These numbers add up to 225,000 deaths/year from iatrogenic causes, and this broadly represents the third leading cause of death in the US after cardiovascular disease and cancer, and accounting for twice as many deaths as the CDC-listed 3rd cause, cerebrovascular disease. And please note that these numbers are actually far lower than those presented in the 1999 IOM for hospital deaths related to errors (48,000 -- 99,000), and at least a bit lower than the most recent CDC estimates for deaths from hospital-acquired infections (99,000). I call this "fulminant iatrogenesis". According to Starfield, what the above sum total of 225,000 fails to take into account is the additional 199,000 deaths related to adverse effects of outpatient treatment. So, putting these together, there are 424,000 iatrogenic deaths in the US annually. Now, this is something to shout about! We know that in the US we do not do a very good job following evidence, even when there is such available, and even when it is relatively solid. So, with all of the caveats and care that I regularly discuss on this site, we really need to do a better job streamlining processes and implementing best available evidence as appropriate. This frightening number of nearly 1/2 million deaths due to contact with the healthcare system needs to become branded onto our national psyche. What a travesty that in a nation that outspends every other in healthcare, that has possibly the worst access to care of all developed nations, we should have such a staggering number of potentially preventable deaths from iatrogenic causes.  How many lives does this kind of system have to be responsible for saving in order to balance this risk-benefit equation?   
Another premier cause of death hidden in the CDC numbers is smoking. In fact, back in the late 1990s the estimate was that the annual death toll in the US from smoking-related causes is 440,000. Of course this is not on top of the causes of death listed, but overlaps with many of the proximal causes listed. Add to this our growing obesity epidemic, and the new data that by 2050 we can expect 1 in 3 Americans to have diabetes mellitus, and you have yourself a tidy public health catastrophe.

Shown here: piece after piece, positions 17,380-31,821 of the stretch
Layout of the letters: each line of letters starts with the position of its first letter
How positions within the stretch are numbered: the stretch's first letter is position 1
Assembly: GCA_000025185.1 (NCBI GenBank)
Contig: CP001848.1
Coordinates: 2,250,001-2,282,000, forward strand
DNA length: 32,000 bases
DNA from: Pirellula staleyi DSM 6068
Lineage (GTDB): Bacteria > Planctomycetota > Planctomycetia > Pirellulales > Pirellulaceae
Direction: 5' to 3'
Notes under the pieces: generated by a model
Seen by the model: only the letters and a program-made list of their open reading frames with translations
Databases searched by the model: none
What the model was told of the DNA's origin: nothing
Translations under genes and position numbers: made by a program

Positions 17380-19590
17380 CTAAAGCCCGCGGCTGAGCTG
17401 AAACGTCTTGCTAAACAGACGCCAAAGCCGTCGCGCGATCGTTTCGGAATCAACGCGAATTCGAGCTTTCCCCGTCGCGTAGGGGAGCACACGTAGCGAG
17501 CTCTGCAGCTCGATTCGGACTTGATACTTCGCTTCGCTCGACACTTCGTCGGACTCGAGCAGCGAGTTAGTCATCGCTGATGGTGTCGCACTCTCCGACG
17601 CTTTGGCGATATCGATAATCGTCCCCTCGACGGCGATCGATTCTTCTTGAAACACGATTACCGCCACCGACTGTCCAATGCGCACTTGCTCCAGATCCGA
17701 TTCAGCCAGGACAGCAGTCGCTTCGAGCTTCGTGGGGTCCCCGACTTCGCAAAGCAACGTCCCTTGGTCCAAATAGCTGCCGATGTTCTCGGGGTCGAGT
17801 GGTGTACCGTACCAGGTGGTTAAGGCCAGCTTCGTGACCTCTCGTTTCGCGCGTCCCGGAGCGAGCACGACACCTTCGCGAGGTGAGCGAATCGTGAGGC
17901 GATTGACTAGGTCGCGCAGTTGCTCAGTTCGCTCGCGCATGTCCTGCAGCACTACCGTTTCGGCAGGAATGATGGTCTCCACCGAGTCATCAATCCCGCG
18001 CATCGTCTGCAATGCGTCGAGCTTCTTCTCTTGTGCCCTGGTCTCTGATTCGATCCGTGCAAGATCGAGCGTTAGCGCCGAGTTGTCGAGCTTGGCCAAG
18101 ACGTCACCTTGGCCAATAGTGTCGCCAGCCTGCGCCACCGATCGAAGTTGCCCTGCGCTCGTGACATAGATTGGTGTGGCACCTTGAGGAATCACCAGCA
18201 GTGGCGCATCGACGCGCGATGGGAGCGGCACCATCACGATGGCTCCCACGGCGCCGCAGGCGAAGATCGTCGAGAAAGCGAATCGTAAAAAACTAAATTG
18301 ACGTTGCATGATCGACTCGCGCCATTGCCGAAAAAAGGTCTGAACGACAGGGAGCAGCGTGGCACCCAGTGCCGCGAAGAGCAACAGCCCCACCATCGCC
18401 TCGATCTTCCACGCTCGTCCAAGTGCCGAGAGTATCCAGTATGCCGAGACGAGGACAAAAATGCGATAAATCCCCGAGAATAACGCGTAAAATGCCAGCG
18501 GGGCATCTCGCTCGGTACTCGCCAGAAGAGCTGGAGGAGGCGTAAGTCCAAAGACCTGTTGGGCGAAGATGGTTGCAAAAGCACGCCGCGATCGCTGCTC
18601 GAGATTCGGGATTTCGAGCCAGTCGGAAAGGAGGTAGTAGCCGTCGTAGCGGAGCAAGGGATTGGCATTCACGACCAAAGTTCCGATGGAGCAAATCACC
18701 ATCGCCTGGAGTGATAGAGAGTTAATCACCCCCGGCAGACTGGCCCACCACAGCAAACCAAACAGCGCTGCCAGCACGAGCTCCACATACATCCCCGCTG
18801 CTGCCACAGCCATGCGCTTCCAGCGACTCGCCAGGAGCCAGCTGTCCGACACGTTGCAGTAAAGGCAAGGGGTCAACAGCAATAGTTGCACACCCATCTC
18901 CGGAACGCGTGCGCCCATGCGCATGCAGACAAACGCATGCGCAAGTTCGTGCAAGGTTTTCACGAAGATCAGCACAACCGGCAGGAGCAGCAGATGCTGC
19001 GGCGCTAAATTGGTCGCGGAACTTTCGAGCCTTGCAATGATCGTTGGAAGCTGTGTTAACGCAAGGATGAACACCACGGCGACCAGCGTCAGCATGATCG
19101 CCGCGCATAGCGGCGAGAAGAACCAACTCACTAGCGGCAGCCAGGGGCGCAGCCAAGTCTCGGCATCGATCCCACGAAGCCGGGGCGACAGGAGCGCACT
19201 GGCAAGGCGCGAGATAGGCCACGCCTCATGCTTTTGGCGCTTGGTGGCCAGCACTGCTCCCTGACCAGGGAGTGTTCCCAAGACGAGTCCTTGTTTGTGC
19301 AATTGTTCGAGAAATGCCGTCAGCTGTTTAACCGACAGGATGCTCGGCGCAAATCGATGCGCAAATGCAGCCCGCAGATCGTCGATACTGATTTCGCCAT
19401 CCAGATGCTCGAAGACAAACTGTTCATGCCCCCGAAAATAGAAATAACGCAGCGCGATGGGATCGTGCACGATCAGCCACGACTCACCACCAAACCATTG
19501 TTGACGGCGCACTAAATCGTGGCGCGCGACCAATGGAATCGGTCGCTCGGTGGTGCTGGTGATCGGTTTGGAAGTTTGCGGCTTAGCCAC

Now, some people may consider this to be a "tu quoque" logical fallacy. Or that this is a straw man. They may say that we are already applying evidence-based methods to address this monster. And they will, of course, be correct, to an extent. The methods that we are applying are not always evidence-based and the incentives system growing up around these measures is far from the latest and greatest in what social sciences tell about human nature and successful behavior change. Most importantly, 10 years later the evidence indicates that we have not moved this hospital death meter, not one little bit. 

So, my response to criticism of my logic is: yeah, whatever. A straw man this massive could eat Tokyo. To me these are startling numbers. We need everyone committed to science and evidence to participate in finding solutions, and constantly reflect on the medical errors that are so pervasive and so deadly. If you pay attention to the evidence of harm, there is no escaping the conclusion that our house is indeed made of glass.   

1 comment:

  1. Hi Marya, I have just discovered your blog and am enjoying your posts. More recent reports support your comments about the rate of iatrogenic injury/death.